Educational and Testing Assistance- The current societies offer some level of education for members, but this training isn’t always effective, and it isn’t updated often enough to be really practical. We need in-depth courses on everything from technical to business, from administrative to regulatory, and everything in between. The guild could contract formal education services and offer them to members. These could range from short courses to several day-long educational opportunities on business accounting or surveying solutions (both hardware and software intensive). Courses similar to the Kaplan courses for SATs, LSATs and other exams could be assembled to help guild members pass the LS exams.
Study Partnerships– This forum could be created to allow members to join study groups and obtain lectures and webinar teachings from industry luminaries, suppliers or others.
Products at Discounted Prices– There would be no shortage of companies that would offer their products and services to the guild due to the membership access. Perhaps car dealers would provide an automatic guild discount if the guild refers members to their dealerships. I am sure there are other items that would fall into this category; I think you get the idea.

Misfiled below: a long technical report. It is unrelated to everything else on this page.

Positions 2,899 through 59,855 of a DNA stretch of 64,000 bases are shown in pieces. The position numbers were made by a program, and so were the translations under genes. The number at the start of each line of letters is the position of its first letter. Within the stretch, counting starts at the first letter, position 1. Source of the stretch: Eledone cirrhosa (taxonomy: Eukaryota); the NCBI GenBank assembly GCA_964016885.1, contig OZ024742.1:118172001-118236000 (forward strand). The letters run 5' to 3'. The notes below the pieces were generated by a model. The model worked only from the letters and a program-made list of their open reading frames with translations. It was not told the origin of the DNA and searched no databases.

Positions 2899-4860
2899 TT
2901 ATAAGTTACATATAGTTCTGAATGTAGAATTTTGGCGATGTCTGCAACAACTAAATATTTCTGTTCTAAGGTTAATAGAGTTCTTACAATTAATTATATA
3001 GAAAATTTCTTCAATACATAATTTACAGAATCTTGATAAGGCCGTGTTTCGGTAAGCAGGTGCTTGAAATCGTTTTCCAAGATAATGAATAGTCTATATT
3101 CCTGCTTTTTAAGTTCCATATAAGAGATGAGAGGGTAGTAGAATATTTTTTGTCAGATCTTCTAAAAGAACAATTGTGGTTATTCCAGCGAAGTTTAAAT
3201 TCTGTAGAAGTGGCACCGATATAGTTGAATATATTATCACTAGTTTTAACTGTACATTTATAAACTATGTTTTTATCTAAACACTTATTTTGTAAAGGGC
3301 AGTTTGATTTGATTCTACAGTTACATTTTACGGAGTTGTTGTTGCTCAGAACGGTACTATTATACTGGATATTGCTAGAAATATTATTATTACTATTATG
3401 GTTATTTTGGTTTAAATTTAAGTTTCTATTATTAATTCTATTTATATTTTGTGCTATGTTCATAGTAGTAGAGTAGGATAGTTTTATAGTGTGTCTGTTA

Membership to the guild would be granted on a peer-qualification basis; that is, the guild would check the skills, credentials and education of each applicant. Surveyors in good standing would be allowed to join, while perhaps others with ethics violations would have to serve a probationary time period. Non-licensed individuals would fall into a Class B membership and provided a pathway to attain Class A membership. A $25 monthly membership would ensue following acceptance.
If this is done correctly, many organizations would join as sponsors. A bank might help create the retirement fund in return for access to the member’s information for marketing. An insurance provider might provide a discount so they could offer homeowners insurance or car insurance to the members. Other surveyors would assist because surveyors are a tight-knit group who like to help each other.
So is this guild possible? I recently found out that Washington, D.C., has a union for operating engineers that used to allow surveyors to join. Sadly, they no longer do. This union has many of the same benefits I propose here, and the dues are only $25/month. So yes, it is possible.
What do you think? If we keep greed and high administrative salaries out of this, could it work? Please share your comments below.